Florida’s largest teachers’ union and attorneys for the state are meeting in Tallahassee Tuesday for court-ordered mediation in an attempt to come to an agreement on how to safely reopen school campuses amid the coronavirus pandemic.
The Florida Education Association is suing Gov. Ron DeSantis, Education Commissioner Richard Corcoran, the Florida Department of Education and others to stop Florida brick-and-mortar schools from physically reopening.
Last week, lawsuits filed by the FEA, the Orange County teachers union and a parent were combined. The unions are seeking a temporary injunction “to stop the reopening of schools until it is safe to do so” due to the ongoing coronavirus pandemic. On Monday, civil rights organization NAACP and the NAACP Florida chapter joined the lawsuit as plaintiffs.
On Friday, a judge denied the state’s motion to dismiss the lawsuit, inching the case one step closer to trial.
Both sides are currently in court-ordered mediation beginning Tuesday morning until midnight. If an agreement is not reached, pre-trial hearings will resume Wednesday at 8:30 a.m., according to the FEA.
If negotiations fail, Circuit Judge Charles Dodson will hear FEA’s motion for temporary injunctive relief against Corcoran’s emergency order for “districts to reopen physical school campuses in August or face financial penalties,” according to the FEA.
Orlando-based attorneys Jacob V. Stuart, Jr. and Billy Wieland filed their own lawsuit in what they call a grassroots effort to represent teachers and parents not a part of the union.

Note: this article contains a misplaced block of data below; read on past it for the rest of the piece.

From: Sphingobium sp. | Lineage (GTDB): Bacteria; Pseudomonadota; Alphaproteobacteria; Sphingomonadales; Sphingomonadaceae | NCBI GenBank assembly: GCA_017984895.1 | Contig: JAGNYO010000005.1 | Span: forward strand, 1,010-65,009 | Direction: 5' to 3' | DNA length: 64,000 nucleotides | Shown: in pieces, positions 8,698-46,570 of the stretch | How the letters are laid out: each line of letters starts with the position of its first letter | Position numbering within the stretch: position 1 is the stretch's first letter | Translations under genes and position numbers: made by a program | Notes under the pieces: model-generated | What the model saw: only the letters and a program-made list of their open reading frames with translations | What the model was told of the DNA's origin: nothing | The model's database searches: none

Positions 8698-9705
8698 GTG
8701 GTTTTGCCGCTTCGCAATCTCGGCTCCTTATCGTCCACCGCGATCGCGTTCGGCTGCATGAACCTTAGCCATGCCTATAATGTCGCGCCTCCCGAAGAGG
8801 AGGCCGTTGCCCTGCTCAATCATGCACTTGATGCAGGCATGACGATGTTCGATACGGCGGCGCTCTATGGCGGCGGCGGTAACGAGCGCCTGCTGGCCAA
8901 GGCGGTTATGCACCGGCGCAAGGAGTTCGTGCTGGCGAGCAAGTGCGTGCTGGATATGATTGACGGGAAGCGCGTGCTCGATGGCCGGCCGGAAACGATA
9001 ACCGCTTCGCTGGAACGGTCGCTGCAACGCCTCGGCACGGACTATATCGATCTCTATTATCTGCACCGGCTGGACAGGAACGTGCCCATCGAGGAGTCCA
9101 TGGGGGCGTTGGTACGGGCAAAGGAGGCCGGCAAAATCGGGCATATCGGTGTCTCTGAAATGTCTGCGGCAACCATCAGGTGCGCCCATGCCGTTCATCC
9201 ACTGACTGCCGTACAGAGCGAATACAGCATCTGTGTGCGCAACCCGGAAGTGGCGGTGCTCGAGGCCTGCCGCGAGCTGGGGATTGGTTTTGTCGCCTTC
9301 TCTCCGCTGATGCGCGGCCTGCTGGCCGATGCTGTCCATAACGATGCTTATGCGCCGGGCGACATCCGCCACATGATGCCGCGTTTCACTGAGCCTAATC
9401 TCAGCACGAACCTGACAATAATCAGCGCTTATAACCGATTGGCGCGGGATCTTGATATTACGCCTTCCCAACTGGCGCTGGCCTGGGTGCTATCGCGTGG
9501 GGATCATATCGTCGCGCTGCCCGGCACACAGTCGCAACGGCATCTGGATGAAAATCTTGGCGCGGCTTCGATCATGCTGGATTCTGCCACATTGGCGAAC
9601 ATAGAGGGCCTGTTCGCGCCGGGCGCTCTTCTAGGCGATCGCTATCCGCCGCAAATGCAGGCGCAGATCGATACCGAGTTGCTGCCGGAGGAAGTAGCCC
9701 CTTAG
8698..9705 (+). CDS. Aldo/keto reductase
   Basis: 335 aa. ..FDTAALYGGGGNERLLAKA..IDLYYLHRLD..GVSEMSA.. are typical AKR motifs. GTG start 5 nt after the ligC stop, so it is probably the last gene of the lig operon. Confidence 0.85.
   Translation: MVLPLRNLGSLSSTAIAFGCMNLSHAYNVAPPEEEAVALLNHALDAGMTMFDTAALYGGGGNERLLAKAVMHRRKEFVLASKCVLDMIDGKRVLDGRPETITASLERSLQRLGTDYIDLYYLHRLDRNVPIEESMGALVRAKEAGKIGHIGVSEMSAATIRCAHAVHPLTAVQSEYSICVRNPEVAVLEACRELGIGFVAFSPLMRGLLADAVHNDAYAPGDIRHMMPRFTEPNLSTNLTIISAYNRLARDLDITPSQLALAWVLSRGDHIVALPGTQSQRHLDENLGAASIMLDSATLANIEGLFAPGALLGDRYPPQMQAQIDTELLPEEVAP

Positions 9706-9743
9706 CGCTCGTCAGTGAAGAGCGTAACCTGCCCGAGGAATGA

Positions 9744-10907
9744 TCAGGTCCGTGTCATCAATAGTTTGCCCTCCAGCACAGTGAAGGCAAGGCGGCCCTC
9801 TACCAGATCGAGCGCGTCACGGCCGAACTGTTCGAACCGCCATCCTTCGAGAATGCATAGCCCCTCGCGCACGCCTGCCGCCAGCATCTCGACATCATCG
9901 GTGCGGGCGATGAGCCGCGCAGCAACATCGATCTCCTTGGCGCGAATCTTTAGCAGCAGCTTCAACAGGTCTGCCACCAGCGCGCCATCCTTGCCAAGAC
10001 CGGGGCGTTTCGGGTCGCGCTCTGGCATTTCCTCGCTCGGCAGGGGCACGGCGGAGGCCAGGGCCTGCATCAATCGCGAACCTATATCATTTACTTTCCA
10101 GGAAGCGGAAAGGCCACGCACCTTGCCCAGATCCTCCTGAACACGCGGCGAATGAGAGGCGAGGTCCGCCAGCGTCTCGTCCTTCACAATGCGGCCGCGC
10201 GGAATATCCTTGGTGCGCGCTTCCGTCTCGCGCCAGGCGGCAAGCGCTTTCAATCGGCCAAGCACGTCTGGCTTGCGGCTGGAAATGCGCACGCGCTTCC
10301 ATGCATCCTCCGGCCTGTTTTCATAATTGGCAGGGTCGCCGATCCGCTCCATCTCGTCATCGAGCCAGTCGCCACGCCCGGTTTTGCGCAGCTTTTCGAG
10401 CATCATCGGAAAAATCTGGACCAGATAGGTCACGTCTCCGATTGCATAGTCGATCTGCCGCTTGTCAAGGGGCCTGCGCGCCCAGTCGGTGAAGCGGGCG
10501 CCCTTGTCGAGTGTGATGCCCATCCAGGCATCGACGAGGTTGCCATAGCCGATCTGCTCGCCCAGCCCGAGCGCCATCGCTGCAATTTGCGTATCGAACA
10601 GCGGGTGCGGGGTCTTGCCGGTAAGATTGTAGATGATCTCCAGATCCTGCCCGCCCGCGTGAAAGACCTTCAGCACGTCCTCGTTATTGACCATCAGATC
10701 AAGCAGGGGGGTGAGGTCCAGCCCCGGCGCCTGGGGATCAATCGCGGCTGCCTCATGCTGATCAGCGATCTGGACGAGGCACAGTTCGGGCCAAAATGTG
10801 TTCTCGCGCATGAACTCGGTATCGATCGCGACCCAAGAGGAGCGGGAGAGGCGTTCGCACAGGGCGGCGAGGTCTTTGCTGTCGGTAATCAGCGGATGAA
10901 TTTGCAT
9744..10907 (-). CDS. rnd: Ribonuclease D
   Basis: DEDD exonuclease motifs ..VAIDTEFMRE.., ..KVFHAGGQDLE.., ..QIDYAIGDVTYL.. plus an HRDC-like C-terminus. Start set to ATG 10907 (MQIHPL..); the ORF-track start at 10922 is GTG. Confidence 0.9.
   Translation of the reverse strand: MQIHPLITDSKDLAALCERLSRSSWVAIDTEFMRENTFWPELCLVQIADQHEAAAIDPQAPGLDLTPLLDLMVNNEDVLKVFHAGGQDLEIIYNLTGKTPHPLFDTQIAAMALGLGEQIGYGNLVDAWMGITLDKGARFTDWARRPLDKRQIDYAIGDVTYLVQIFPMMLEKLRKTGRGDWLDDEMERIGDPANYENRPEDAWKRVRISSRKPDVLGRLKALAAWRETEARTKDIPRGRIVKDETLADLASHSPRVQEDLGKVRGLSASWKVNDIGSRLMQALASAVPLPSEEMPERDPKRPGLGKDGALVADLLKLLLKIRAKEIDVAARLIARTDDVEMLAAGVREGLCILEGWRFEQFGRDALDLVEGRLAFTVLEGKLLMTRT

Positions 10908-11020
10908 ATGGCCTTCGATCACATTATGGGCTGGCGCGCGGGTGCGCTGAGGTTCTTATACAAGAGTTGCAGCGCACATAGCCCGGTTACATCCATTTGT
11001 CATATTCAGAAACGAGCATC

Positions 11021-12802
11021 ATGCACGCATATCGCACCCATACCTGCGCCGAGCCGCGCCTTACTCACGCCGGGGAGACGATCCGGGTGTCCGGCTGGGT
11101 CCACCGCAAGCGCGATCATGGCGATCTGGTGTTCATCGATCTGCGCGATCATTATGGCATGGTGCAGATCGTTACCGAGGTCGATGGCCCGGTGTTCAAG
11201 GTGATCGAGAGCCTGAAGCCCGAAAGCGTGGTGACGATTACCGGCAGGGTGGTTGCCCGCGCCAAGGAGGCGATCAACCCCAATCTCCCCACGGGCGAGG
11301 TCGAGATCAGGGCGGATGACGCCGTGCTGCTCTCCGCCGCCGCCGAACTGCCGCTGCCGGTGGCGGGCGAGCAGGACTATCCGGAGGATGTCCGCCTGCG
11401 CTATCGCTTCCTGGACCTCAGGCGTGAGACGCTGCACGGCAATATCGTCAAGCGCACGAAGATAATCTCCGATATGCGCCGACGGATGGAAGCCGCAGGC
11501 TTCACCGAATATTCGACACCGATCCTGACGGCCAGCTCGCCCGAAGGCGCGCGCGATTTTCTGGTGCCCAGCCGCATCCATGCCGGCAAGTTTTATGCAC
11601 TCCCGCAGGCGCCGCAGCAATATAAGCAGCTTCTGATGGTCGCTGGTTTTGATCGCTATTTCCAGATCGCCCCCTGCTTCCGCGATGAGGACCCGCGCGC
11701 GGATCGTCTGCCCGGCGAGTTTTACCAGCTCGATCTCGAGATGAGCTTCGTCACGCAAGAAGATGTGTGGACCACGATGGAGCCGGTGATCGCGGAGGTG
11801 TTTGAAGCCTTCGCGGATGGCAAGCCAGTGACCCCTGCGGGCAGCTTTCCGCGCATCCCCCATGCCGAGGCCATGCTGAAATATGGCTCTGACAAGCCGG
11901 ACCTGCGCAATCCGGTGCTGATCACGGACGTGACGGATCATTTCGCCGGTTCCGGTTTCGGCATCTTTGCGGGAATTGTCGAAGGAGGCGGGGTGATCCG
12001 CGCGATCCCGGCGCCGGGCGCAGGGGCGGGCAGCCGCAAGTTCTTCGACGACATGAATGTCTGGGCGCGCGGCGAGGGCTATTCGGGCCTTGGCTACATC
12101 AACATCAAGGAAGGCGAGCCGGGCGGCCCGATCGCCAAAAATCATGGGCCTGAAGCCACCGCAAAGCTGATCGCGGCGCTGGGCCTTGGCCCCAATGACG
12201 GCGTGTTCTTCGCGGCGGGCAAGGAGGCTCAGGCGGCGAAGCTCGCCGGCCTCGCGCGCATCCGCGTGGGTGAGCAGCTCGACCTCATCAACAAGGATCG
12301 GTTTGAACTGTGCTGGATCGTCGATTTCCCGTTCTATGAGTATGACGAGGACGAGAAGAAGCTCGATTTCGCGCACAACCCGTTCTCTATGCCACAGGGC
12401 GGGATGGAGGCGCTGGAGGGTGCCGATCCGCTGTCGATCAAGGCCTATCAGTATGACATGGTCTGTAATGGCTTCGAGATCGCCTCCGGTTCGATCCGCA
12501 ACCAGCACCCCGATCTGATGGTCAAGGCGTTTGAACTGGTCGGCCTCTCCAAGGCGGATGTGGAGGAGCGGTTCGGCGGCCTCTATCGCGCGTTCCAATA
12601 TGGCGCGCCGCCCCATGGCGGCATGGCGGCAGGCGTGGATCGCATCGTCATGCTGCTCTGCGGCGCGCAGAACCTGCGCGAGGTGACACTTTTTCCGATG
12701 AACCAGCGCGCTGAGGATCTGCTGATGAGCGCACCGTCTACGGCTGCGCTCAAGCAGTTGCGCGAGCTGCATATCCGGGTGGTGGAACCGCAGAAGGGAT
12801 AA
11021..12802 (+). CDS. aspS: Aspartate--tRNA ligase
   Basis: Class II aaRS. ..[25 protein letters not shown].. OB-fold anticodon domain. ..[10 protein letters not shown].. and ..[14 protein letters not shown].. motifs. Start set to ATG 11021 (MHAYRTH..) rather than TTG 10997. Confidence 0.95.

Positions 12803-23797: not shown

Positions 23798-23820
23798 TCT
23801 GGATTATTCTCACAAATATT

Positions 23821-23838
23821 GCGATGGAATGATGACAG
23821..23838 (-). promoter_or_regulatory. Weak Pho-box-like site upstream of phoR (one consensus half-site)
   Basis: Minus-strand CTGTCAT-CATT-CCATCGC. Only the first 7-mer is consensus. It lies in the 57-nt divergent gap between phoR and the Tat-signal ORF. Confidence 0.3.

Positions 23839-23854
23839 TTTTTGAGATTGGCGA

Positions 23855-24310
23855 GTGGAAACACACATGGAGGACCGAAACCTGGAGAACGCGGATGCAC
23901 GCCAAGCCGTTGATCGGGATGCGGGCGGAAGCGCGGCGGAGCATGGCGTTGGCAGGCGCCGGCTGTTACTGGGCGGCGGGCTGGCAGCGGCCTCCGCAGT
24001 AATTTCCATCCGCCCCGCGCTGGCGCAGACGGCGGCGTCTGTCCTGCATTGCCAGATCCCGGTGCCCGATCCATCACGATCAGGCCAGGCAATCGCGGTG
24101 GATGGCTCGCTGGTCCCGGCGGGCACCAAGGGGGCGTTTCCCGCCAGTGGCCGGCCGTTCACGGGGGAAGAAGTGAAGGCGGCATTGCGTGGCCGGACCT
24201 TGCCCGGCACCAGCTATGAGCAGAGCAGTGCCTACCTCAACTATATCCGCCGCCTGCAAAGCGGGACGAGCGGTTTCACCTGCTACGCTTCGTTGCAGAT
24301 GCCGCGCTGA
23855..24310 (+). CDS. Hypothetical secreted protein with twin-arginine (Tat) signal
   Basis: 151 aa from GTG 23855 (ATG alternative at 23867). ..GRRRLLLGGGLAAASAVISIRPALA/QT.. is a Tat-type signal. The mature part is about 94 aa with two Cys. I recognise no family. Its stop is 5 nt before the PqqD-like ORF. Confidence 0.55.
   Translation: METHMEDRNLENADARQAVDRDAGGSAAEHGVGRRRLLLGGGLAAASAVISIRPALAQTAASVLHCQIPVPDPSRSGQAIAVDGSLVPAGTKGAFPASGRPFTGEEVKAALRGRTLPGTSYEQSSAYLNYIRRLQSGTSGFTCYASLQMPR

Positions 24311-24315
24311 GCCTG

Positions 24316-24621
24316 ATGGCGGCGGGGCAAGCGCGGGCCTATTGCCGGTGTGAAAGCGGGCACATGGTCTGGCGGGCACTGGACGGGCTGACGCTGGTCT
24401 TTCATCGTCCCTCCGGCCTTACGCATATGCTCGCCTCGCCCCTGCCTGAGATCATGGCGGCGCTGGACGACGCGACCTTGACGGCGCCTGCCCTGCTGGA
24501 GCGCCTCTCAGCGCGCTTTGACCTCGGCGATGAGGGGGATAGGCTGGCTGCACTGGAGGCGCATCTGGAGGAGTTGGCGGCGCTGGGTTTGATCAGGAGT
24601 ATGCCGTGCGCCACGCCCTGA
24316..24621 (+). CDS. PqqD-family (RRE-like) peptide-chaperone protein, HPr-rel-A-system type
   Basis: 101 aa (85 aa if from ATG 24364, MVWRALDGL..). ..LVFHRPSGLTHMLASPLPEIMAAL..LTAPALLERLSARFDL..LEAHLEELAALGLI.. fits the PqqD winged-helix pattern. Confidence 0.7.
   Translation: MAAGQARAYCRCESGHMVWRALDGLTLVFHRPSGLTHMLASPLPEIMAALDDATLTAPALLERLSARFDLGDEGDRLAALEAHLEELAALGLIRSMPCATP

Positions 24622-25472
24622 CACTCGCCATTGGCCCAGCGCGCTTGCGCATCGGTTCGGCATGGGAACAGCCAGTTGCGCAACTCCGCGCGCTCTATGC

“Thursday night if we win the judge will enter an order and it would forbid all 67 counties from opening brick and mortar schools the next day,” Stuart said. “And it would forbid - if we get exactly what we want - it wouldn’t let any county open back up until they can prove by whatever mechanism the judge decides that they ensure teachers and students are in a safe and secure environment.”
After joining in the lawsuit with the FEA, Stuart said a judge ruled more teachers can testify and file suit and they plan on calling one as their key witness at Tuesday’s hearing. One of those witnesses is an Orange County teacher with disabilities who will report to school Friday for the first day of in-person learning.
“One of our new witnesses is Mr. Escobar, he’s a high school teacher at Gateway, a math teacher. He is quadriplegic and he has been instructed he must report as of Friday for in person teaching,” Stuart said. “He’s concerned because of a condition and what happened in an accident a few years ago that if he were to get COVID-19, he’s concerned the respiratory issues would be so great they could cause impending death.”
The attorneys shared photos of Escobar’s classroom showing what they say is only one bottle of hand sanitizer and desks that are difficult to socially distance.
“(It) clearly demonstrates there is no social distancing. You can see the desk appear to be a foot and a foot and half a part,” Stuart added. “Why the rush? We should be pushing this back 3 or 4 weeks (and) figuring this out, that’s what should be going on and that’s what we are hoping the judge is going to do.”
Earlier this summer, Corcoran issued an Emergency Order calling for brick-and-mortar schools to reopen five days a week in August.
A few school districts across the state have already welcomed students back. Central Florida’s largest school district in Orange County will open campuses on Friday. Many school districts have delayed the start of the school year to late August because of the pandemic.
As of Tuesday, nearly 580,00 people in Florida have tested positive for COVID-19 and the state’s death toll is expected to approach 10,000 by the end of the week. Since March, more than 46,200 children in Florida have tested positive for the virus, including seven who have died. The youngest COVID-19 death in Florida was that of a 9-year-old girl in Putnam County.